The Brontë Sisters by Patrick Branwell Brontë

(NPG 1724 and 1725)

    Emily Brontë,    by Patrick Branwell Brontë,    circa 1833,    NPG 1724,    © National Portrait Gallery, London Emily Brontë, by Patrick Branwell Brontë, circa 1833
    The Brontë Sisters (Anne Brontë; Emily Brontë; Charlotte Brontë),    by Patrick Branwell Brontë,    circa 1834,    NPG 1725,    © National Portrait Gallery, London The Brontë Sisters (Anne Brontë; Emily Brontë; Charlotte Brontë), by Patrick Branwell Brontë, circa 1834

The front page of the popular Daily Graphic magazine of March 6 1914 bore the headline “The Romantic Discovery of Long Lost Brontë Portraits”. The accompanying illustration depicted visitors inspecting two damaged portraits of the Brontë sisters, hung for the first time at the National Portrait Gallery. The rediscovery of the portraits, thought to be long lost, made for a compelling story and generated much public interest. They had been found by Mrs M. A. Nicholls, the second wife of Charlotte Brontë’s widower, on top of a wardrobe at Hill House, Banagher in Ireland. Both portraits were painted by Branwell Brontë, brother to Charlotte, Emily and Anne. The larger group portrait had originally included a portrait of Branwell, but he later painted himself out. This work, having been folded up for many years, was marked by a number of crease lines. The single portrait of Emily is the only surviving fragment of a larger group portrait that included the other sisters and Branwell, who was depicted holding a gun. As Mrs Nicholls, the discoverer of the paintings, explained in a letter to the Gallery, her husband had ‘cut it out of a painting done by Branwell as he thought it good but the others were bad’.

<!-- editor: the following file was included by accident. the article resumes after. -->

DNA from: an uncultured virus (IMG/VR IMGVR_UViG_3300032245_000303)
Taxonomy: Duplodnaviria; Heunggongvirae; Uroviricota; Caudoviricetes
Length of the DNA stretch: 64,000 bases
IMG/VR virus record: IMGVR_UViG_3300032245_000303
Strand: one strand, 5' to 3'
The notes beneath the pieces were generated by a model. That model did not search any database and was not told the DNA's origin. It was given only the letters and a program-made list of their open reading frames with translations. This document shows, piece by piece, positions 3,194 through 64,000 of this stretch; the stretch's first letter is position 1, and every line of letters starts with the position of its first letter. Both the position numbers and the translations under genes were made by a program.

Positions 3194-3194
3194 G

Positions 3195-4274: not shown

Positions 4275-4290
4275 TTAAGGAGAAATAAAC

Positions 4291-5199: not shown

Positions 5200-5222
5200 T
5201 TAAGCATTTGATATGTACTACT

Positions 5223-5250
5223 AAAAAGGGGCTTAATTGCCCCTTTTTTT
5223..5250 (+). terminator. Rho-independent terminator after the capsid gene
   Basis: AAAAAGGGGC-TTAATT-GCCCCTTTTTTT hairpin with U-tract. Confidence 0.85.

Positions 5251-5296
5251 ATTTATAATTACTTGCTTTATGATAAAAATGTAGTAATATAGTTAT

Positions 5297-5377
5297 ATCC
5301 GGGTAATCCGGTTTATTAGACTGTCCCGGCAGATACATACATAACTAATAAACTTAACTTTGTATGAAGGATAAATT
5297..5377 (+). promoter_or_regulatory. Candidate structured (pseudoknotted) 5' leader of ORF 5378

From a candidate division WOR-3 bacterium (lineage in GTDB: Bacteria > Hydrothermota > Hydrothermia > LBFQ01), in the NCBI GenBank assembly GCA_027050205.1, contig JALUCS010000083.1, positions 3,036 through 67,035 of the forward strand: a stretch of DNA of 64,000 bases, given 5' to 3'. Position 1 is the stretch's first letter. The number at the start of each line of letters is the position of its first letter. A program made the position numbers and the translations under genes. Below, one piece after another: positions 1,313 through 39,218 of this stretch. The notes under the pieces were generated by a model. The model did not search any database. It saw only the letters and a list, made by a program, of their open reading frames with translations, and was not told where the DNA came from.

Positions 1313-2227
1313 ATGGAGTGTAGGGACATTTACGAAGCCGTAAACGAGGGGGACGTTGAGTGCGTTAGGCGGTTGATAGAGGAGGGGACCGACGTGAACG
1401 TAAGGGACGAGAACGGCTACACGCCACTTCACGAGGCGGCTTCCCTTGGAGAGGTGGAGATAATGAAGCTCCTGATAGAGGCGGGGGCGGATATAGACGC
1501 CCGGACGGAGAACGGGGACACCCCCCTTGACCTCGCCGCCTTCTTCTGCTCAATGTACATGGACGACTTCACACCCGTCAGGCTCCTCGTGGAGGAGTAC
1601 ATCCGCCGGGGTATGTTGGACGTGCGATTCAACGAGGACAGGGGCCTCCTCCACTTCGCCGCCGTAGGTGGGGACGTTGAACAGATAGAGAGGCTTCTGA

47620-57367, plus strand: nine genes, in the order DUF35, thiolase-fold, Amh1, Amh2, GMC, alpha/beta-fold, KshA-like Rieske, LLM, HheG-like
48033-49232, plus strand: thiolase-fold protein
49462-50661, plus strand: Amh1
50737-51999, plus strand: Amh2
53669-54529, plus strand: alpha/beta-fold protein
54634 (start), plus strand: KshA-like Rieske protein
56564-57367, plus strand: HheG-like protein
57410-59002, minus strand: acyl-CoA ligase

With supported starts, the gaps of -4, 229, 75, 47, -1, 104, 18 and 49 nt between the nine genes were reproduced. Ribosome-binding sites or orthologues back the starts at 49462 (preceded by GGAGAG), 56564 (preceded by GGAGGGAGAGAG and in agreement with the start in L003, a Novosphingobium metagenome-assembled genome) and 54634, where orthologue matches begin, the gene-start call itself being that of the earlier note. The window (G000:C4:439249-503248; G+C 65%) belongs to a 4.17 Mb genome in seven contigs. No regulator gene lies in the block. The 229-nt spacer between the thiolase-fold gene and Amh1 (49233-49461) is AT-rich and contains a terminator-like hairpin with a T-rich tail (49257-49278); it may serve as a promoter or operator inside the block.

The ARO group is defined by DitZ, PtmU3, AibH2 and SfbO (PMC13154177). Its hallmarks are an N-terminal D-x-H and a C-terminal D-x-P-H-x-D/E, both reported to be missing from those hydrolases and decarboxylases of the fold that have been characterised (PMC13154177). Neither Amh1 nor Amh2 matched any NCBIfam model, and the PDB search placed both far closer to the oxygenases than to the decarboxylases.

It was unusual for the Gallery to acquire portraits in such a damaged state, and there was much debate about their quality. Elizabeth Gaskell described the group portrait as ‘not much better than sign painting as to the manipulation but the likenesses were, I should think, admirable’. Writing for The Sphere, Clement Shorter expected that by the time of their display restoration would have fully remedied the “ill-treatment derived from over forty years of neglect”. [2] The Gallery concluded, however, that the damaged condition of the portraits was expressive in itself and merited preservation. At the first day of viewing visitors were so numerous that, in the words of the Yorkshire Observer, the Gallery “underwent a minor siege” and today both paintings are still some of the most popular works in the Gallery’s collections.

Front page of The Daily Graphic 6th March 1914 (NPG Archive NPG46/18/34)
Cutting from The Sphere 7th March 1914 (NPG Archive NPG46/18/34)